Doug Fowler, Carlos Araya & Jason Stephany

Published Results:
Fowler DM, Araya CL, Fleishman SJ, Kellogg EH, Stephany JJ, Baker D, Fields S. High-resolution mapping of protein sequence-function relationships. Nat Methods. 2010 Sep;7(9):741-6.

Systematic Analysis of Large Scale Fitness Data to Identify Mutations that Stabilize Proteins

Enhancing protein stability is often critical for industrial and pharmaceutical applications.  Stabilizing mutations permit acquisition of other, destabilizing mutations that improve function.  This phenomenon can be observed as epistasis, where multiple mutations combine with unpredictable fitness effects.  We identify stabilizing mutations in a WW domain based solely on parallel measurement of the fitness of 47,000 variants to bind to a peptide ligand and subsequent calculation of >5,000 epistasis scores (Figure 2A).  We introduce an epistasis-based metric, “partner potentiation,” which identified 15 candidate stabilizing mutations, including three known stabilizing mutations (Figure 2B).  We tested six novel candidates by thermal denaturation and found two highly stabilizing mutations, one more stabilizing than any previously known mutation.  Thus, systematic analysis of large-scale protein fitness data can reveal fundamental physicochemical properties such as stability.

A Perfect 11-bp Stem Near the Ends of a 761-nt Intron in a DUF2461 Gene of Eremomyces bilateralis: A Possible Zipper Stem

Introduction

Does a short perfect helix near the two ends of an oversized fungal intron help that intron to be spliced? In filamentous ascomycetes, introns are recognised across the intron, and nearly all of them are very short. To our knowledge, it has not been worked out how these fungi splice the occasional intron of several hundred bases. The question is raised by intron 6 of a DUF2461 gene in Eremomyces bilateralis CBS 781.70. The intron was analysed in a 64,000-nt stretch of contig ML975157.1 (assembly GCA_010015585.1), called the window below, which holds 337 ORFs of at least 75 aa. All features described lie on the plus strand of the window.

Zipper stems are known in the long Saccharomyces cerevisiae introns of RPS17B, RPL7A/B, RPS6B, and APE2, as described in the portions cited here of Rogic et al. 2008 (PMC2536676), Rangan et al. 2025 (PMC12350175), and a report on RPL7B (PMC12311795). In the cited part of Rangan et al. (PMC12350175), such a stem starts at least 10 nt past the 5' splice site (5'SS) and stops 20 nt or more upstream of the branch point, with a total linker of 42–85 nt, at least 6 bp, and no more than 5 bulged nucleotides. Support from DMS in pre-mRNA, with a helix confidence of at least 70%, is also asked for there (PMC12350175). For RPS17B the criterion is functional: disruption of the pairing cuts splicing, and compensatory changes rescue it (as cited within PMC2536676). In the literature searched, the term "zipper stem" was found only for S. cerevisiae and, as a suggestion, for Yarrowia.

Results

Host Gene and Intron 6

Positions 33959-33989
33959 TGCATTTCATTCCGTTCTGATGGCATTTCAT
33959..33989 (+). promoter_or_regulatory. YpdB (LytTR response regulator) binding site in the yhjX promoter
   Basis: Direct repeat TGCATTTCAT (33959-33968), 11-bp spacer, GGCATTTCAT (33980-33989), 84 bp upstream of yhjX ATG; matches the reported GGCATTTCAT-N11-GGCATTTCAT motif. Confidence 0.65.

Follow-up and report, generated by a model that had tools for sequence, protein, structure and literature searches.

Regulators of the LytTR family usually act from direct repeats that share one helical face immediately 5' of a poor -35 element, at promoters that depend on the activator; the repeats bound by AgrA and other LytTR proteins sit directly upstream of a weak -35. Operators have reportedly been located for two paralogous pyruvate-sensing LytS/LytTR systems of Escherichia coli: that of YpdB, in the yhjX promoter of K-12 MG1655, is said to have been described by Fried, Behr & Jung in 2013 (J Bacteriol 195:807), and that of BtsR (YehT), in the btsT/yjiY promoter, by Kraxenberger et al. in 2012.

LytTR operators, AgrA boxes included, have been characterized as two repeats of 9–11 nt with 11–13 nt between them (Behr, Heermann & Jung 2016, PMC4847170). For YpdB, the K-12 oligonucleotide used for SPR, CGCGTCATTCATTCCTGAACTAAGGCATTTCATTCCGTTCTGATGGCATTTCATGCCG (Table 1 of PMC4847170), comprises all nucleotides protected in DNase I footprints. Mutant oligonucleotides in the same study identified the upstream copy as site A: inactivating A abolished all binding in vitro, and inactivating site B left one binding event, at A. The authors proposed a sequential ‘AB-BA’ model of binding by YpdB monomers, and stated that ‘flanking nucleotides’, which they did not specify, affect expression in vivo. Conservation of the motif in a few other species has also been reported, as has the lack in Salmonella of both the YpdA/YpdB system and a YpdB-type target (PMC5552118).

Doug Fowler & Carlos Araya

Published Results:
Araya CL, Fowler DM, Chen W, Muniez I, Kelly JW, Fields S. A fundamental protein property, thermodynamic stability, revealed solely from large-scale measurements of protein function. Proc Natl Acad Sci U S A. 2012 Oct 16;109(42):16858-63. download pdf

Understanding the Molecular Basis of Selectivity in the Protein Kinase A/AKAP-79 interaction
(with the laboratory John Scott, HHMI and Dept. Pharmacology, University of Washington)

Protein Kinase A (PKA) is a central intracellular protein kinase that regulates the activity of many proteins involved in cellular metabolism. PKA activity is controlled via interactions with A Kinase Anchoring Proteins (AKAPs). AKAPs function by binding to the PKA regulatory subunit, localizing PKA within the cell. AKAPs can interact with either the alpha or the beta isoform of the regulatory subunit of PKA, or they can interact with both. The alpha and beta isoforms are highly similar, making it difficult to study the molecular determinants of selectivity between isoforms (Figure 3).

We are using phage display in combination with high-throughput sequencing to identify the sequence determinants of AKAP selectivity. We displayed a library of millions of mutagenized AKAP proteins on the surface of T7 phage and then subjected this library to selection against either the alpha or beta isoform of the regulatory subunit of PKA. By comparing the abundance of each variant before and after selection, we derived enrichment ratios for several hundred thousand variants. Most variants performed similarly in selections against both the alpha and beta isoforms. However, some variants displayed strong selectivity for either the alpha or beta isoform. We are using the results of this assay to develop highly alpha- and beta-specific AKAPs. These highly specific AKAPs will bind only to PKAs with the cognate regulatory isoform. If introduced into cells at high concentrations, they will disrupt the normal regulatory interaction for their cognate isoform, enabling us to study the biological significance of the isoforms.

Doug Fowler & Jason Stephany

Department of

Genome Sciences
& Medicine,
Univ. of Washington